So the first stage was to make a few sketches and see what was possible. There are so many variations that in reality I only really sculpt a small percentage of my ideas. A sculpture is a slow and laborious task!

After this stage, it’s obviously thinking of materials to sculpt and what I can afford and find. I’m a bit truth to materials and don’t like pushing a material into doing something that isn’t natural to it,s particular characteristics. So I sourced some beautiful wood and stone. Thought of the size, colours and textures.

I then drew out some templates to make sure the stone forms would fit perfectly into the wooden frame. Spent hours of dusty carving and doweling. Et  Voila!

The final sculpture

Abstract Sculpture Wooden Frame With Stones Inside

Portland Stone, Sabutu Wood. 135 X 45 X 25.6 cm. Sold.

As I mentioned before, there are so many variations on this idea and I’m sure I’ll be continuing to develop and progress this idea further.

I’m also really pleased that a private collector has acquired this sculpture. Which has pride of place in a beautiful garden overlooking a beach where I played as a young child.

Hope you’ve enjoyed this little insight into my artistic journey. Let’s see where I go next?

 

 

Stone Sculpture Techniques

Looking back at some of the stonework I have carved over the years, makes me realise how achieving the mastery of stone carving techniques can liberate but at the same time restrain artistic expression. What mark of a tool is better than another? I was taught to keep sharp edges, straight lines, flat surfaces. Working with templates, straight edges, exact measurements.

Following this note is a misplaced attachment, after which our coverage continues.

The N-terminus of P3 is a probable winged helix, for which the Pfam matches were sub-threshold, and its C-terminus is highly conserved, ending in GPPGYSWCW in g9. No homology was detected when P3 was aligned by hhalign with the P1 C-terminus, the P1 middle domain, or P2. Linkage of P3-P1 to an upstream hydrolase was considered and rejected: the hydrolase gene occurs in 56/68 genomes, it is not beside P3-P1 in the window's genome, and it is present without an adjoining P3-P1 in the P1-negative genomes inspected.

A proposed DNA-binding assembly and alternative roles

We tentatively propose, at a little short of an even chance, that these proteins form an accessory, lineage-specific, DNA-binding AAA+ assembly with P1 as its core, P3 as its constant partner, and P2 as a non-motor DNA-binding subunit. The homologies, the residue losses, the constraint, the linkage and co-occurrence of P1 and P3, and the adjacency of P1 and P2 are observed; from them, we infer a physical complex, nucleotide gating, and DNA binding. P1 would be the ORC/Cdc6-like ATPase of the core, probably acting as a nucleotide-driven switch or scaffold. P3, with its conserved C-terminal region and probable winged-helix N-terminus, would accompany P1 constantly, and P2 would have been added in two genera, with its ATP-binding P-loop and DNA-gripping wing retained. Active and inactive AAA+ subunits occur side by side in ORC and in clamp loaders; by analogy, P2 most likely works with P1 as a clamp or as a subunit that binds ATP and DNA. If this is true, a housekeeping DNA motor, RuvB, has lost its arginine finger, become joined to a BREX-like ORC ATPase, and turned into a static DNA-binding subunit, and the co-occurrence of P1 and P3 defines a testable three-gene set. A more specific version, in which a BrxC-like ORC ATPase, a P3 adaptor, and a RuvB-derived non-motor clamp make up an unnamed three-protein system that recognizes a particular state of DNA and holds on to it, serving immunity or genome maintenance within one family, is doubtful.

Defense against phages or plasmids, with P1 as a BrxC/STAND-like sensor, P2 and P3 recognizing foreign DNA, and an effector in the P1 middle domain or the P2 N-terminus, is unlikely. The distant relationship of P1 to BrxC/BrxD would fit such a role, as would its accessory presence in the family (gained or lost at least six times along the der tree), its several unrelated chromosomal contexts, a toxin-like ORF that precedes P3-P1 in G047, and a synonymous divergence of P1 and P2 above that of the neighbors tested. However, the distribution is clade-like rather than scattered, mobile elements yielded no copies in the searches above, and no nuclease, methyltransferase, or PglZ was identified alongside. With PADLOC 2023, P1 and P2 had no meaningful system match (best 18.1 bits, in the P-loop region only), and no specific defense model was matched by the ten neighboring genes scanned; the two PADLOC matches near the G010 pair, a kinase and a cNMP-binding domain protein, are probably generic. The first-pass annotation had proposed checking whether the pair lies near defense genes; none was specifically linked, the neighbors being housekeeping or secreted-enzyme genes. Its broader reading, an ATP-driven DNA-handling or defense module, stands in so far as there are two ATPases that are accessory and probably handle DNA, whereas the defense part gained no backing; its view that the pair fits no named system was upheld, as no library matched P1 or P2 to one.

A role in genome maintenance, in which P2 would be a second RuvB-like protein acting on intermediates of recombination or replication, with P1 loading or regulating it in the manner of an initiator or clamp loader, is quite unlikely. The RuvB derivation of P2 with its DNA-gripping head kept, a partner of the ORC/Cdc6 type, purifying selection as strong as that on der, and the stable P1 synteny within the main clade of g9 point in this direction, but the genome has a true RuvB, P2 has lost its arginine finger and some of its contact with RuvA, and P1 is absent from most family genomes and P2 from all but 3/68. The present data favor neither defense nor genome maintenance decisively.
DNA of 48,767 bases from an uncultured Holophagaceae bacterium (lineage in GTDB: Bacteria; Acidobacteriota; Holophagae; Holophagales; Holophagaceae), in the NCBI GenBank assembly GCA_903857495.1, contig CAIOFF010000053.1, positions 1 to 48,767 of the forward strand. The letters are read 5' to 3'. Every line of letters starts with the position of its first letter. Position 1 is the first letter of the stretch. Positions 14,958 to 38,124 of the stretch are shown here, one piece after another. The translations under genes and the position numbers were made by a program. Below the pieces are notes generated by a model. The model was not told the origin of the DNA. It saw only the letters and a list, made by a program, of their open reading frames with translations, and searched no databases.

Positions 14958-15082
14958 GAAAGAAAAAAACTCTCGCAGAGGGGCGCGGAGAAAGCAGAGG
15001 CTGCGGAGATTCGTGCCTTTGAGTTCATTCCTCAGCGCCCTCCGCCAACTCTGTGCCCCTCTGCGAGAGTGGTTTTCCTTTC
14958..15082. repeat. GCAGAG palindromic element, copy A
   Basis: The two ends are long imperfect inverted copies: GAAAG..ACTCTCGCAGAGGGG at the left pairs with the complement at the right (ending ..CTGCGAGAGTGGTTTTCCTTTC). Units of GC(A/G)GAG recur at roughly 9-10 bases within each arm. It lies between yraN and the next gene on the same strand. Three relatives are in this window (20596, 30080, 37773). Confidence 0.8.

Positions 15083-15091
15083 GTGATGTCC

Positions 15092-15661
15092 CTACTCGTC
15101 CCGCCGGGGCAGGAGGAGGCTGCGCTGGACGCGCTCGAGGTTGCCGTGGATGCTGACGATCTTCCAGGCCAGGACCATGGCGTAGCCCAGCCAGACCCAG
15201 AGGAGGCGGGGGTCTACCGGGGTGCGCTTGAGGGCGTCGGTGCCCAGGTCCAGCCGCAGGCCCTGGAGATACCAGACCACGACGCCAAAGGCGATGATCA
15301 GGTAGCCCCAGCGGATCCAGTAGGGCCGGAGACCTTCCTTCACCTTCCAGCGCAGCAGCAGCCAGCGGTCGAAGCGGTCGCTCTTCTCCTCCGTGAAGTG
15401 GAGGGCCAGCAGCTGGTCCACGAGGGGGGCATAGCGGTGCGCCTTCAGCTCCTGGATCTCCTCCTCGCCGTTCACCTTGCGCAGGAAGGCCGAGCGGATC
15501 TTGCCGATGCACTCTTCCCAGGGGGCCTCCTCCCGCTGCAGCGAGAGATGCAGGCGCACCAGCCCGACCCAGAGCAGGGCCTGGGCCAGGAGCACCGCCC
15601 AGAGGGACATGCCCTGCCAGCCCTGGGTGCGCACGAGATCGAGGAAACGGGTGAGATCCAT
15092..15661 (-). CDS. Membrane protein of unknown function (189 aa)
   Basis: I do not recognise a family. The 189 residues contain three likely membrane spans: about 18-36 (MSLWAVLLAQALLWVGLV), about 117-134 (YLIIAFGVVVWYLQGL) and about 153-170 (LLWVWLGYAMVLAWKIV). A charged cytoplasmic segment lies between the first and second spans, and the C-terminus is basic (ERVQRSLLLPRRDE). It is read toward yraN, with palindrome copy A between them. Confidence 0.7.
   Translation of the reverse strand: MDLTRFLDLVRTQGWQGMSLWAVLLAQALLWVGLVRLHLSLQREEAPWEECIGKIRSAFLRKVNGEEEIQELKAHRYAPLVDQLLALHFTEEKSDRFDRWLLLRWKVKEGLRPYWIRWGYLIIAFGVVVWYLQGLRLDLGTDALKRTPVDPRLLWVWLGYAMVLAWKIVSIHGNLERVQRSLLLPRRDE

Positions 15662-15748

Stone Doorway

Stone Doorway in St Maximin. France.Carved most of the stonework. Serge carved the fruit.

I,ve always loved watching a craftsman carve with the minimum of effort, using the correct tool for the appropriate job. The marks left on the material have a beautiful aspect reflecting the rhythm and elegance of movement. I also loved the tool marks of the children that I taught, no preconception or worries. The broken edges, chipped corners, expressed their vitality and energy to create. Each style as valid as the other. The final sculptures telling a real journey of discovery.

Child sculpting

Common Ground Project. DARSET. One of my talented students.

So to keep the freshness of my sculptures I have to unlearn a lot of years of making perfect carvings for certain projects. At least I have the choice, but I would really like to be a bit looser. Leaving certain tool marks, letting the stone talk. It’s easier said than done as its always tempting to overwork a sculpture beyond the rough form. Sometimes it loses its vibrancy.

.I think it was Picasso who said it took him a lifetime to learn to see the world through the eyes of a child.

I think its necessary at times to unlearn to regain that freshness. Seeing the forms and textures anew and having the confidence to stop and move on to the next piece. Lets see if  I achieve this in my next sculptures!  ( Maybe blindfolded?) Any thoughts?